Tomomi Fushiya, Leiden University
I arrived at the Amara West dig house in Ernetta island towards the end of the 2017 season with a final draft of the children’s book, Life in the Heart of Nubia. Designed as an introductory booklet for schoolchildren in the local communities around Amara West – Abri, Amara East and Ernetta – the book explores the lifestyles, culture, language, oral histories and archaeology of these communities. It is shaped by members of these communities and their responses, and also questions we received from them during the interviews and outreach programmes over the last two years.
In November 2016, I had travelled to Abri to discuss and plan the book with those who were willing to volunteer in their spare time on this small project. We discussed the concept, topics, structure and the book title, and decided to focus on three key points throughout the book: exploration, continuity and locality.
Exploration: Knowledge and stories about objects, buildings and skills which they considered part of the local Nubian heritage, practised and remembered over generations. The book is intended to encourage schoolchildren to question, explore and find answers about the local heritage within the community, but also to remind other community members that amongst them is much knowledge about that heritage.
Continuity: The book starts with scenes of today’s life in and around Abri. Selected aspects of everyday life are introduced through change and continuity with the past, to emphasise the relevance of older lifestyles to the present.
Locality: Resources for heritage education can be found within the local communities, although local teachers rarely use them. Topics and images in the book are selected from those found in the local area, where possible, to help schoolchildren to feel familiar with the book, and help teachers find resources in their neighbourhood.
As schools finished their final exams in March, I returned to Abri with the freshly printed books, to plan and deliver a pilot heritage program at the local school. Despite swarms of nimiti-flies, thirty schoolchildren and 3 school staff showed up for the program. Hassan Sorta, one of the bookmaking team and the headmaster of Amara East primary school, explained about the book and how to use it. I gave a short presentation with objects and rubbish from the ancient site (sherds!) to convey how they can help understand history of place. I used images of the Meroitic temple, which once stood here but was destroyed in the late 19th century AD, to show how history can easily disappear from memory. A program that utilises the book will then be discussed with Hassan and other local teachers for when the books are distributed to each school.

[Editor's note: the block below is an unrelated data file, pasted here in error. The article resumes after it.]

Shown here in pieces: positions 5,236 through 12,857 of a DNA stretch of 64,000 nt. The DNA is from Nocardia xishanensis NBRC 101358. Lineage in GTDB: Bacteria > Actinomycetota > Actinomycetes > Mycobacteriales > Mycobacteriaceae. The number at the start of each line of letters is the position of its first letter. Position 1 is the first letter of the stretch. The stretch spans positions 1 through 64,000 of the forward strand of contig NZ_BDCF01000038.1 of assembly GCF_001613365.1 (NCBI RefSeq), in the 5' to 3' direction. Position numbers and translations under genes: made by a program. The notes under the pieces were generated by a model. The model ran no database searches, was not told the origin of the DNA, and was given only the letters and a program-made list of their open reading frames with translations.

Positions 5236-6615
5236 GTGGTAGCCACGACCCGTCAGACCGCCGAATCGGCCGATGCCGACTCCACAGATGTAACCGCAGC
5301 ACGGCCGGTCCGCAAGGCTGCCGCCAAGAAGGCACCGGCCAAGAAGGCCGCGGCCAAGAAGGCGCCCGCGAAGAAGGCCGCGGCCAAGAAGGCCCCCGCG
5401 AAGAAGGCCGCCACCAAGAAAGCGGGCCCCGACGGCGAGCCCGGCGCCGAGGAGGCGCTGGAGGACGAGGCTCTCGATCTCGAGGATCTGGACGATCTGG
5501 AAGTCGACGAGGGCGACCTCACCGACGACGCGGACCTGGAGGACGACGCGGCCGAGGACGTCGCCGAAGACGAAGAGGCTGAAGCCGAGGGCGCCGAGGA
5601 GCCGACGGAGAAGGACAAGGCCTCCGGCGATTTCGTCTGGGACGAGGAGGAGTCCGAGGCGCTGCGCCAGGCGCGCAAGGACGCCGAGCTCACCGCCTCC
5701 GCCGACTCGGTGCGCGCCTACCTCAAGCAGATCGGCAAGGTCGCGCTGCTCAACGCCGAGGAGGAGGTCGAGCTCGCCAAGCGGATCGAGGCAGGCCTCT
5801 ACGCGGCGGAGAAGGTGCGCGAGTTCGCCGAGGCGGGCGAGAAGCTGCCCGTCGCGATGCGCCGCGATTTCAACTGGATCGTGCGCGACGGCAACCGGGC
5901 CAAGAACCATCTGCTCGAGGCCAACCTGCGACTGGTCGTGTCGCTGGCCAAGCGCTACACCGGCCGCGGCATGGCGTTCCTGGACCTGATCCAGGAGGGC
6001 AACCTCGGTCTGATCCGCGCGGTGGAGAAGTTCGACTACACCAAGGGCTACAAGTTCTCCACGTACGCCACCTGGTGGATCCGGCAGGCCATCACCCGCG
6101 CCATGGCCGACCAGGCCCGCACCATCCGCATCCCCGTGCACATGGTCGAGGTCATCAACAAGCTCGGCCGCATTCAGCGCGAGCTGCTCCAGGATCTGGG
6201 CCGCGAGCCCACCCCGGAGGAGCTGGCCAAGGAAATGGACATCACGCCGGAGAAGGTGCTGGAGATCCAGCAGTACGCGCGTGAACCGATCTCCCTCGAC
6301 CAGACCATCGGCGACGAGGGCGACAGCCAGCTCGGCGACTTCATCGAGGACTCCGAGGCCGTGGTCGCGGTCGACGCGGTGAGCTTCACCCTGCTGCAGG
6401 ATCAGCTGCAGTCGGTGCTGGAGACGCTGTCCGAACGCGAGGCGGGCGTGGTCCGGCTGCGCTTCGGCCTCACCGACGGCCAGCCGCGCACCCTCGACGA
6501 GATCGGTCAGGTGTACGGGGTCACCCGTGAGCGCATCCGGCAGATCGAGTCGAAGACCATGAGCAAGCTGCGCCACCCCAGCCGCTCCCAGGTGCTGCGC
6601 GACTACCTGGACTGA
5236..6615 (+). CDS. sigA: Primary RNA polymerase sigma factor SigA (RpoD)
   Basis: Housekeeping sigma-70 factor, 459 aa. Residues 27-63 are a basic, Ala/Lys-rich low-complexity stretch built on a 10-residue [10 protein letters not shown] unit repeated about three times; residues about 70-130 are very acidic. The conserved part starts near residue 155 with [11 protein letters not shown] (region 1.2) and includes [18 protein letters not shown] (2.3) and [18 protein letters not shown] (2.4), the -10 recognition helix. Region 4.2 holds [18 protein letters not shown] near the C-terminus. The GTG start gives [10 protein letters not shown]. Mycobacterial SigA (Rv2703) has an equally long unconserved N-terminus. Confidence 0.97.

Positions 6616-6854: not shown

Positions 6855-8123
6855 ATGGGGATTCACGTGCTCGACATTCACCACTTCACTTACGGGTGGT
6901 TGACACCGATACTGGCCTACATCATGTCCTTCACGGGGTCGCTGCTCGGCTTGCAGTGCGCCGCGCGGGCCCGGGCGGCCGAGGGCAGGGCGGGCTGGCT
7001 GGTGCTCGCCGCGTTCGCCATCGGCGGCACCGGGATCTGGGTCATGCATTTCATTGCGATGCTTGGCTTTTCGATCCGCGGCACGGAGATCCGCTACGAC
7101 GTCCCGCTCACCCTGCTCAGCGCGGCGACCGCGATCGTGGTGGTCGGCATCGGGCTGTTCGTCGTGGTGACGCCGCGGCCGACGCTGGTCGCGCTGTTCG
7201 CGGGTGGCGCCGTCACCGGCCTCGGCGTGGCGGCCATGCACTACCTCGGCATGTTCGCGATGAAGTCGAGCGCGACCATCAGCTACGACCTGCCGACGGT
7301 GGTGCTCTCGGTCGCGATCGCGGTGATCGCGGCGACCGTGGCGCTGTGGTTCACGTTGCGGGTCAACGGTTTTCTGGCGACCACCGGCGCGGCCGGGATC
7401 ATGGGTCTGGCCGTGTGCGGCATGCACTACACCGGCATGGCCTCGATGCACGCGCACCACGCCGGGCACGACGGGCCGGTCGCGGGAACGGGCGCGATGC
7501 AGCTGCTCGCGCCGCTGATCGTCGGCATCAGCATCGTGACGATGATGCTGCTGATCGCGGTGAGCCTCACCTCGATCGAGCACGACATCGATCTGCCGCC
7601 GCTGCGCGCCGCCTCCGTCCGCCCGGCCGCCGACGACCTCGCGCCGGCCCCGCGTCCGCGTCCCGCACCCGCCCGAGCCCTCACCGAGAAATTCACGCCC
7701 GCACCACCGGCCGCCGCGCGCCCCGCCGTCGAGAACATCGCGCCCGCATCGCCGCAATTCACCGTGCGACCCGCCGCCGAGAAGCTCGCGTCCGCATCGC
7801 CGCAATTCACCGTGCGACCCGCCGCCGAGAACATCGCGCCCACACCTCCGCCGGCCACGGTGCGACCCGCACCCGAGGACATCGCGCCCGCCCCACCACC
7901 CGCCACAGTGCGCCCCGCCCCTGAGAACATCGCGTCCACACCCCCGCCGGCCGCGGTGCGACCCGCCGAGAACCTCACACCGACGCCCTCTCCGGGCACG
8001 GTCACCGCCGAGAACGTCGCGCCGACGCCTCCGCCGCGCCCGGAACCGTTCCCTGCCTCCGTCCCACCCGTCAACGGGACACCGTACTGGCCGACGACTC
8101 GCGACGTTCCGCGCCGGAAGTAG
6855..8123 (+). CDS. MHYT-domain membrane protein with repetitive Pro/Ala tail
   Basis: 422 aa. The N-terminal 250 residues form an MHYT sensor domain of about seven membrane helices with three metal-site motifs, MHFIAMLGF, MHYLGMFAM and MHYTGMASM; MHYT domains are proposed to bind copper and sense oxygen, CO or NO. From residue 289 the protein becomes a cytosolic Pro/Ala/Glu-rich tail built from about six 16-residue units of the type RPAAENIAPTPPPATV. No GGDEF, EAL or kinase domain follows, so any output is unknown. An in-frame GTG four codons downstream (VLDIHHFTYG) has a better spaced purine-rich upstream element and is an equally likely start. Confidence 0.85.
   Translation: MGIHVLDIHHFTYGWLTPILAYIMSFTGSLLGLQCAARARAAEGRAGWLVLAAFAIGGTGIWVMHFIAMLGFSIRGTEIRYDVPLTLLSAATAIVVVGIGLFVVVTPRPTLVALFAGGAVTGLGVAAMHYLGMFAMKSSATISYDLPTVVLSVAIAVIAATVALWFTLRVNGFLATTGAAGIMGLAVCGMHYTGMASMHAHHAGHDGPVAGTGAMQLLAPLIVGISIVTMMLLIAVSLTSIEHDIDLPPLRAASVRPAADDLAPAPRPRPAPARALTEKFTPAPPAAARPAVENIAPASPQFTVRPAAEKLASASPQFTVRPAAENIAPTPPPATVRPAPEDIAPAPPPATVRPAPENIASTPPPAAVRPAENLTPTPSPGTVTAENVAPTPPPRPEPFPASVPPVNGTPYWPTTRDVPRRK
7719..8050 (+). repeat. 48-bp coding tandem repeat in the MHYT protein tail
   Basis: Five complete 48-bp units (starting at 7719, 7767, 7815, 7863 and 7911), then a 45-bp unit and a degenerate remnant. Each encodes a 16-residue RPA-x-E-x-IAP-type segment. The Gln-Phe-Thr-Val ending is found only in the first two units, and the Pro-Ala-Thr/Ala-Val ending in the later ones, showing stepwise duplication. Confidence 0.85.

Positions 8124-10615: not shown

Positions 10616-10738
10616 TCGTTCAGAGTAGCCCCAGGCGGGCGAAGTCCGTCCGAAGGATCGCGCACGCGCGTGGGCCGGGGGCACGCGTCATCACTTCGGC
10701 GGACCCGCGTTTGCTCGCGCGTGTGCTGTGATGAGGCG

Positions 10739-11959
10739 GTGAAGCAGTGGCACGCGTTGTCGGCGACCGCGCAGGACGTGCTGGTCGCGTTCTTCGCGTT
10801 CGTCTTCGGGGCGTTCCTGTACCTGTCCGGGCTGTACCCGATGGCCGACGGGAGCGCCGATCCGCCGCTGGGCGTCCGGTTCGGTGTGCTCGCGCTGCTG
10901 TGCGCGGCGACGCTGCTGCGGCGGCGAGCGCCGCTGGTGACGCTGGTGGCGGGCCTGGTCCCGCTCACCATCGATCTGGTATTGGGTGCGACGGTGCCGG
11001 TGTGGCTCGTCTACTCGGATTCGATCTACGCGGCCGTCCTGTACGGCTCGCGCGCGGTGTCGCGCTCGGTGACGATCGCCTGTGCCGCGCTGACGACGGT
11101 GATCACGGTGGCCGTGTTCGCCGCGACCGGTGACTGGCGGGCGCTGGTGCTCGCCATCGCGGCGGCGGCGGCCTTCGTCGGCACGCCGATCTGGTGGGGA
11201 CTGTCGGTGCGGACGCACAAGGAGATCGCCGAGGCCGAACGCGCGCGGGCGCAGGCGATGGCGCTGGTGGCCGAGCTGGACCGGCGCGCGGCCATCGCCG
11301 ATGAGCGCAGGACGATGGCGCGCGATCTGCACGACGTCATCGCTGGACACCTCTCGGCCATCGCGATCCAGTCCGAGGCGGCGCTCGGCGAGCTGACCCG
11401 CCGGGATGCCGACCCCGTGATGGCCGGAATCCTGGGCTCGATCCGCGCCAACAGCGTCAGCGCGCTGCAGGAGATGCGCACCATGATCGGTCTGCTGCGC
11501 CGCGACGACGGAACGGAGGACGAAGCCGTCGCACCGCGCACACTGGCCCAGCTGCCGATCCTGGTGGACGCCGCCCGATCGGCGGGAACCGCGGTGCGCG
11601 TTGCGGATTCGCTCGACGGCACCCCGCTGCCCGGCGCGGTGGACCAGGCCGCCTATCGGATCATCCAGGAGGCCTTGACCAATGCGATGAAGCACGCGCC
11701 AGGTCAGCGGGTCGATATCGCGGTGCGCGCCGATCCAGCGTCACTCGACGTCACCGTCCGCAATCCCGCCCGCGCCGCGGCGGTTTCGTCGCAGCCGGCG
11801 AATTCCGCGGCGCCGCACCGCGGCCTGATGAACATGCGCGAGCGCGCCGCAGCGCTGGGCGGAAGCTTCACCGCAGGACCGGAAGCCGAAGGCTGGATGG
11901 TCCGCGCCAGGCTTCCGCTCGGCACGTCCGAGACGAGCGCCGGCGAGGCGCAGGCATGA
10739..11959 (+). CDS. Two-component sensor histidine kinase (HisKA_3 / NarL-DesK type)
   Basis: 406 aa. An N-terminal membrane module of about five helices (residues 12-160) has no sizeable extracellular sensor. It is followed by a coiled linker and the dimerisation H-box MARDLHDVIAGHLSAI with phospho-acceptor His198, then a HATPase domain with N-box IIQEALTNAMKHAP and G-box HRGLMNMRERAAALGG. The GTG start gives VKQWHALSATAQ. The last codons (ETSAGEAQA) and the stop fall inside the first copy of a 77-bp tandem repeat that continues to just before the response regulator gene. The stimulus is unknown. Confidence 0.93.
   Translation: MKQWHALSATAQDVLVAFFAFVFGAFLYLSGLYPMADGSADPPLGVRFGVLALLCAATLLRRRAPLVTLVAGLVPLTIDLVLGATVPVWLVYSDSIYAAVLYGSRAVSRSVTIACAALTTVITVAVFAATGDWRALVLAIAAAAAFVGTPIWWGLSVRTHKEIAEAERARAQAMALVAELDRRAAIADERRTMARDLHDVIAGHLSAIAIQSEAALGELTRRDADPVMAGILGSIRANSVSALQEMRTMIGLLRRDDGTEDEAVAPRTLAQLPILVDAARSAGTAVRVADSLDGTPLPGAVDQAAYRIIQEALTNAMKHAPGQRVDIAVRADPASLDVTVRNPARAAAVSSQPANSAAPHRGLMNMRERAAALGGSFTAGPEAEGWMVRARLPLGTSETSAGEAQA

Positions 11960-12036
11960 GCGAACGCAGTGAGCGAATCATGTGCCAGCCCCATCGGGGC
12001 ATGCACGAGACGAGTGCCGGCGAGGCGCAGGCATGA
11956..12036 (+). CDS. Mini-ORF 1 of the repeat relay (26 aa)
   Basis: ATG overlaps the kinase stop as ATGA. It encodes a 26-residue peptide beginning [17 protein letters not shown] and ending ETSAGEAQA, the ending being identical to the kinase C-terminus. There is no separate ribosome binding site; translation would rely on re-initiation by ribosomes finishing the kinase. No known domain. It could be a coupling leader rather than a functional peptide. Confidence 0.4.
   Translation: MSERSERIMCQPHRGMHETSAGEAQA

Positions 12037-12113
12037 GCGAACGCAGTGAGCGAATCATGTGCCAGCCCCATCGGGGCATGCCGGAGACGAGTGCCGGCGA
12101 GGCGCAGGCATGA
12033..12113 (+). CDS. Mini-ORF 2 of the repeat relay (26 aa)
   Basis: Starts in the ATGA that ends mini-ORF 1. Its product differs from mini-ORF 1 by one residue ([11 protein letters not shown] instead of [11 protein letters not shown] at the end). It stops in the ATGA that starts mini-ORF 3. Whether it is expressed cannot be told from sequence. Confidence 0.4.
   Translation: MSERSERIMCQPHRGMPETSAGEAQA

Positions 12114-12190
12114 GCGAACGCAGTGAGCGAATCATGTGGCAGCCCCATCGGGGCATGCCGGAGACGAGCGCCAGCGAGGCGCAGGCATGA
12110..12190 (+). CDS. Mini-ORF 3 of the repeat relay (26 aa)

650 books will be handed out at local schools at the beginning of the school year in July. Some copies of the books will also be used in a teachers’ training course at a newly built centre in Abri. Other members of the book team will be invited into classrooms to talk about local heritage in the coming school year. The most encouraging part of the project, for me, is how teachers and others felt this will help raise awareness of the local heritage among younger generations.
The Amara West Project is generously funded by the Qatar-Sudan Archaeological Project, with this book made possible through the Research Grant Program of the Toyota Foundation, Japan.
Alongside regular updates on the blog, follow the project on Twitter: @NealSpencer_BM and #amarawest